Travel is the best evidence that your life is moving. Or let’s take it one step further, and say travel is the best evidence that your life is definitely moving forward. To somewhere.
Regardless of days we feel adrift, or back someplace we didn’t want to be, travel is the polar opposite of feeling stuck. You can’t. Whoever you are, you are in-motion, happening right now, unknowing. It is addicting, that wanderlust that passed down from my pioneer generations, to my family of air pilots and road warriors, then to me. A genetic susceptibility to motel soap.
Whoever you are, you are in-motion, happening right now, unknowing.
Having grown up in a family more functional on a road trip than a neighborhood, I planned my first road trip at 18. Yellowstone. My first solo road trip at 21. SLC. After marrying, I lived on the road for several years in my mid-twenties, slipping in and out of seven different ‘small town Americas.’ I lived in highway hotels and motels, a country club condo, a trailer in the Mojave Desert, an executive apartment, and a college-town cottage. All temporary, new and full of mutual potential. Some depressing and crude experiences, some beautiful, wild and sweet. All for better or worse. ‘Wherever you go, there you are’ became an epiphany, and a reminder that I was shedding skins and grinding out some rough edges on my mind. This was good for me.
Since I saw and read Cheryl Strayed’s “Wild” a few months ago, I’ve been annoyed at how I spent the ample idle time over those years and places. I know where Cheryl Strayed started on the PCT because I lived there in the Tehachapi Mountains for two years, and in those two years I went on exactly one real hike by myself; a trail to the underwhelming overlook of Arvin, CA. All my years on the road brought me to exciting people and places, but almost exclusively by air and automobile.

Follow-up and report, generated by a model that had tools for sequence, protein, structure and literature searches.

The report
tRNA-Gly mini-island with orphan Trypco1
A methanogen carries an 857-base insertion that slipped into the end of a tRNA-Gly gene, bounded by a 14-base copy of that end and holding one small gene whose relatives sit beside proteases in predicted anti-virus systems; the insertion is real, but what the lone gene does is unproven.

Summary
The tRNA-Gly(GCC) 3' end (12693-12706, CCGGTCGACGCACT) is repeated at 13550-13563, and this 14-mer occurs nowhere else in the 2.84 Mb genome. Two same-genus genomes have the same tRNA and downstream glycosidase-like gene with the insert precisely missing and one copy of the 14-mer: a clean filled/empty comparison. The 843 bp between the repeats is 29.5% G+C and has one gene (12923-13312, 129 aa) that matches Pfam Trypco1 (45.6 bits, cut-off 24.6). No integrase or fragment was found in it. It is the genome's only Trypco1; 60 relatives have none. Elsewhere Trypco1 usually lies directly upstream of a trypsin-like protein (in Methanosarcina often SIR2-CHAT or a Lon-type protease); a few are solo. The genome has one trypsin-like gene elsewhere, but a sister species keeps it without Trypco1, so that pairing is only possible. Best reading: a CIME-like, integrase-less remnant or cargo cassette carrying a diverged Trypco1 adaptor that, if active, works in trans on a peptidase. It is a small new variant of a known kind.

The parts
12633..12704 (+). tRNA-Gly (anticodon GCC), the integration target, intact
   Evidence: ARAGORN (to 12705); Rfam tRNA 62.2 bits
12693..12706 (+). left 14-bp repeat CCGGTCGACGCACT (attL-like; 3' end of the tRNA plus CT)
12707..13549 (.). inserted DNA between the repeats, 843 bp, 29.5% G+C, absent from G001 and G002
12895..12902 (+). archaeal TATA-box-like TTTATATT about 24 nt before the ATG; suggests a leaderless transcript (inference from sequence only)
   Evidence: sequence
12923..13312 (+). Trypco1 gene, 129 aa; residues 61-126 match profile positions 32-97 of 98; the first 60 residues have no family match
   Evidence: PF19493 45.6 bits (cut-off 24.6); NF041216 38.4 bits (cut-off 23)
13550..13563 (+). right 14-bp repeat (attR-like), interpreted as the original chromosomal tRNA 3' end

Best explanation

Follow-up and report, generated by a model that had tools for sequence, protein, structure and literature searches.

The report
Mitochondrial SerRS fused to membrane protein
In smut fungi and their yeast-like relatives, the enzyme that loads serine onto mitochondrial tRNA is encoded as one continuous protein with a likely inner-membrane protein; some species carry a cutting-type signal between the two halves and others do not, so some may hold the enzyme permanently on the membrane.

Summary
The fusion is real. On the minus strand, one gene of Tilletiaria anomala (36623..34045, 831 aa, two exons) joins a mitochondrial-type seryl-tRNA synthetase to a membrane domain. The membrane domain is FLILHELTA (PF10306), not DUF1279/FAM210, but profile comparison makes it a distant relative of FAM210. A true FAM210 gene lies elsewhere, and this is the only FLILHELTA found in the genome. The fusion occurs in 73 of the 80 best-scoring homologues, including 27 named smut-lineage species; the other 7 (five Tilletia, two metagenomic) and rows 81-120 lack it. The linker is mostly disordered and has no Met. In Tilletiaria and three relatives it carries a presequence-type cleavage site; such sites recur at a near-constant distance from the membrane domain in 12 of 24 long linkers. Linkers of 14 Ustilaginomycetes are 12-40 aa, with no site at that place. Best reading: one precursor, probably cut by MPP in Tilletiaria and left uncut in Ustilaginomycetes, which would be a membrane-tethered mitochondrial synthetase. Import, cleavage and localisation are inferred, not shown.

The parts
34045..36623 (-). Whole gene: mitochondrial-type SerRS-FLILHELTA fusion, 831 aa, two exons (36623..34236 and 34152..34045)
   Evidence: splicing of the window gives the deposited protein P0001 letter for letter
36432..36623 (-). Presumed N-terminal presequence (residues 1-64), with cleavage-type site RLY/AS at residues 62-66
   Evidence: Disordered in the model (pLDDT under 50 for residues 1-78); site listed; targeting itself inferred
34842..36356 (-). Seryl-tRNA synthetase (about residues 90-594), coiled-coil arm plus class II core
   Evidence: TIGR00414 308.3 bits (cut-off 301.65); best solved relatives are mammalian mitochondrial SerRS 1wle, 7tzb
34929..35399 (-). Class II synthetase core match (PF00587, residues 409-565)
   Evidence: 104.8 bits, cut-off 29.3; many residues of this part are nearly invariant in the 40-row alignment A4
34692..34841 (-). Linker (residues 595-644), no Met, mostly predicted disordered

“You have to be careful,” my granny said when I was 13, after I’d been sexually threatened by a man while walking home from school. “Someone could just grab you by the hair.” I’d recently cut my long hair off to the last inch, but it still applied to my belt loops and dangling backpack straps, she said. This great-grandmother of mine always kept the doors locked. She kept mace in her car door and by the front door, and she kept her jewelry cases stocked with tiny ornamental knives—glittering metal against abalone, mother of pearl, and antler handles. All sharpened and functional. Her advice to a girl just entering womanhood: always watch out for yourself, don’t take any wooden nickels.
I follow this advice. Obviously, that incident at 13 was only the first of many challenges to my autonomy as a woman in the world. It didn’t stop me from exploring the places around me, but the easiest way to avoid danger is to avoid vulnerability and misplaced trust. I want to set myself footloose in the mountains, alone, but it gives me a compelling sense of anxiety. I am prepared against the worst, but this fear has taken something from me, too. I can see that I haven’t prepared for the best.
I want to set myself footloose in the mountains, alone, but it gives me a compelling sense of anxiety.
Jen Heuett, thanks for the advice to travel with trust. I needed someone to ask that I push my boundaries, that I stretch more muscles and try the adventures I’ve ignored.
Trust can take more than it gives. It’s a gamble. Acknowledging that I accept certain risks and unknowns, my pledge is to trust my judgement, to act on my instincts, to pack my mace and the knife my mother gave me, and set myself footloose in the mountains on October 3, 2015.
About the author:
A native Idahoan and Vandal alumni, Britt Lamotte is lucky to live and work just outside the beautiful Sawtooth National Forest. You should know that yesterday she finished reading Don Quixote (!). For her next trip, plan on California.